Place: 4274 Chamberlin Hall (refreshments will be served)
Speaker: Russell Gardner, Jr., Freelance scholar
Abstract: This is a follow-up presentation to a CCSS presentation, “Writing a Novel,” in September, 2014. This talk includes lessons learned from that first effort. I call myself a novelist not because I’ve published (yet), but because I have a daily routine of writing (it’s my occupation), have studied the process in readings and courses, and have presented ongoing work to others. The present twelve chapter first draft of a second novel, Different Windows, has been done independently, this time, of any formal class (although I employ a paid editor). Each chapter includes about 25-manuscript pages.
I will focus on
Novel-writing to organize data and its relations to other forms of scientific, and “ordinary,” means of human data-processing,
Fiction as a way to talk publically and formally about matters that worry and interest me, namely,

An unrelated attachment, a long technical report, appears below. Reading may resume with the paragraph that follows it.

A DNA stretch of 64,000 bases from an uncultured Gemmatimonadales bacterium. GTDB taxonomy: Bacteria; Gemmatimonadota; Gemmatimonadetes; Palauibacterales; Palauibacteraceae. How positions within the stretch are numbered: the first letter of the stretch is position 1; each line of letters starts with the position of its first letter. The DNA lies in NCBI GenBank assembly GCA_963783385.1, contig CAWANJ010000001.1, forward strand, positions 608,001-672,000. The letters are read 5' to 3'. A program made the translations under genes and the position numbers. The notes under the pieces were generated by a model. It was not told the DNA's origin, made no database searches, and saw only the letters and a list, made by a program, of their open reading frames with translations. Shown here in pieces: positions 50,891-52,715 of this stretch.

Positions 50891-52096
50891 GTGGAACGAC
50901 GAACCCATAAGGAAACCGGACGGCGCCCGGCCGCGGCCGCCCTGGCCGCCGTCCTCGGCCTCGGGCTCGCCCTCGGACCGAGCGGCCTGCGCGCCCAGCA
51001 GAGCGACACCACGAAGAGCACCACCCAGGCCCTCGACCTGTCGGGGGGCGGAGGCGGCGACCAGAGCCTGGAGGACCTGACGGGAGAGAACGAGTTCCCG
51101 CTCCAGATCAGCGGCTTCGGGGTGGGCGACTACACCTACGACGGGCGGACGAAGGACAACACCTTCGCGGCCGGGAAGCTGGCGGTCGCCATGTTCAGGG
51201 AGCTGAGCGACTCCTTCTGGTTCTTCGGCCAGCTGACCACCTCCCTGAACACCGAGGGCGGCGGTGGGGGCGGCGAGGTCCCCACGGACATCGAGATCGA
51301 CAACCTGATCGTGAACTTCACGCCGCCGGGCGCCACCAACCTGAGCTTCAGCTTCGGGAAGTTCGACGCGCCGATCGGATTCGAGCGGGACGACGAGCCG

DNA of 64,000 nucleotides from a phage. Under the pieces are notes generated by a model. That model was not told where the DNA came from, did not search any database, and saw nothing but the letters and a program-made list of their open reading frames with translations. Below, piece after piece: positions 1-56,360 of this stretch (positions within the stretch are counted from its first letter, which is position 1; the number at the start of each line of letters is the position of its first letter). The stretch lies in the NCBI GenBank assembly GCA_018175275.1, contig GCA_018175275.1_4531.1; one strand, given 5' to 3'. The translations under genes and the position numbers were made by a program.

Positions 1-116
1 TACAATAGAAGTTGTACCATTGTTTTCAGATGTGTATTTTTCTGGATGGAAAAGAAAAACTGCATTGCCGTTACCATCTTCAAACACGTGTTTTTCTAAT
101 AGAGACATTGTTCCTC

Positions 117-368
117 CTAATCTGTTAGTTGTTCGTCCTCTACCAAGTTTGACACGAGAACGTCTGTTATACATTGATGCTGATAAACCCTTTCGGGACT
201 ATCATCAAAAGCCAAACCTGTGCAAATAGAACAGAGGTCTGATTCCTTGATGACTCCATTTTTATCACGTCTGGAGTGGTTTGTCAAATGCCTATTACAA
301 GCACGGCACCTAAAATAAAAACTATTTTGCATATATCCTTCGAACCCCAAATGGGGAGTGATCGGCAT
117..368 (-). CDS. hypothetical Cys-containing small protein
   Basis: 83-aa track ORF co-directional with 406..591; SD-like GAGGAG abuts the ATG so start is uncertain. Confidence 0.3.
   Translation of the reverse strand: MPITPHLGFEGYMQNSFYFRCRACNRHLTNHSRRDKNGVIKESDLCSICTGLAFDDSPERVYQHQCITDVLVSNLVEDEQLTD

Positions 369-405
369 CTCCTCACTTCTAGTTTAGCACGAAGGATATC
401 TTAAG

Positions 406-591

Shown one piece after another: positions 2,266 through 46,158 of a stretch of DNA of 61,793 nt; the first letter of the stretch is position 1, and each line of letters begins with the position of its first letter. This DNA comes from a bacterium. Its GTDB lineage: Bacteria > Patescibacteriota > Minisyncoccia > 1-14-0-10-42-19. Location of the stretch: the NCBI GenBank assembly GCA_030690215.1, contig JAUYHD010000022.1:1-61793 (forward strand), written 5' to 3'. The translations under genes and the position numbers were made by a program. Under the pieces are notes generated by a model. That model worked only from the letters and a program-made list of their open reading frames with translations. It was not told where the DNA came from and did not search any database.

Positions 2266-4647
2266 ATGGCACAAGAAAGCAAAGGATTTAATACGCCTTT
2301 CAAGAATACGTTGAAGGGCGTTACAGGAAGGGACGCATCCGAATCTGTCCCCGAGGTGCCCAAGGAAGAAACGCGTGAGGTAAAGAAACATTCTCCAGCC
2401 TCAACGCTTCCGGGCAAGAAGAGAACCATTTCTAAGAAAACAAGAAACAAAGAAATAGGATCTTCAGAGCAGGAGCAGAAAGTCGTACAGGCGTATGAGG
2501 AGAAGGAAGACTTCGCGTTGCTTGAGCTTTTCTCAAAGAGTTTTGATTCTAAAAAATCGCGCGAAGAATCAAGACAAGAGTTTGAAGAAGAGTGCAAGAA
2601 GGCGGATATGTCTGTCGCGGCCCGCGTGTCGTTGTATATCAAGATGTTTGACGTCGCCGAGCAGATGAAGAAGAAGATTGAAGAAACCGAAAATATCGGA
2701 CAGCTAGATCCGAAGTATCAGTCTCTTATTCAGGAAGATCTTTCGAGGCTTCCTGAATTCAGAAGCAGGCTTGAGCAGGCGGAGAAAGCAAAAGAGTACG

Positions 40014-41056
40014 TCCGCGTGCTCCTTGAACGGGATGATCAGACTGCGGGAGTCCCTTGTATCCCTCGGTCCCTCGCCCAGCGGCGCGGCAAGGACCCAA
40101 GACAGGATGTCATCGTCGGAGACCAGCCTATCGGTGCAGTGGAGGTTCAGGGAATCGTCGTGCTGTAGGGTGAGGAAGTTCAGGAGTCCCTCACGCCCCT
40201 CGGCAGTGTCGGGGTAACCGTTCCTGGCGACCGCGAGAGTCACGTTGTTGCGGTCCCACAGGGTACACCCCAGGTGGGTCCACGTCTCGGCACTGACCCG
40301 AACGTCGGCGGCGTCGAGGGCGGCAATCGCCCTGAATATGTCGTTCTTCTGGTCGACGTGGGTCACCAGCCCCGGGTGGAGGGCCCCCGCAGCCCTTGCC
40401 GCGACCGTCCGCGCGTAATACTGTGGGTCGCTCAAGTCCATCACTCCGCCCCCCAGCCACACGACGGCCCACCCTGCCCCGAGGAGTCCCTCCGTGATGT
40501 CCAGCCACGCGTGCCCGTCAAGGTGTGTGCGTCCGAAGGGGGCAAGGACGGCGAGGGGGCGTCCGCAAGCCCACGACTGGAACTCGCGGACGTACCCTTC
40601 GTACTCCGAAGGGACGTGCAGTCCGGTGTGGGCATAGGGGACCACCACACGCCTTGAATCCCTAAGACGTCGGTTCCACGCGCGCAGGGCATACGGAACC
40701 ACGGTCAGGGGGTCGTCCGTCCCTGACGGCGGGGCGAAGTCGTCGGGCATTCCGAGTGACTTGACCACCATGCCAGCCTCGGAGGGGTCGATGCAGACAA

the climate crisis,
billionaire denial of the crisis, especially highly influential ones who seek to minimize government in all its forms (Jane Mayer’s Dark Money (2016)),
the fate of one’s descendents after one dies,
the treatment form of psychoanalysis which has retreated from the forefront of thinking, but which needs representation in an understandable format, and
some bleak optimism about a dismal seeming future.
Formulations of Professor and Chairman of UW’s Department of English, Caroline Levine, who has written The Serious Pleasure of Suspense (2003).
Process of working out a second draft of Different Windows and envisioned attempts to publish the completed work.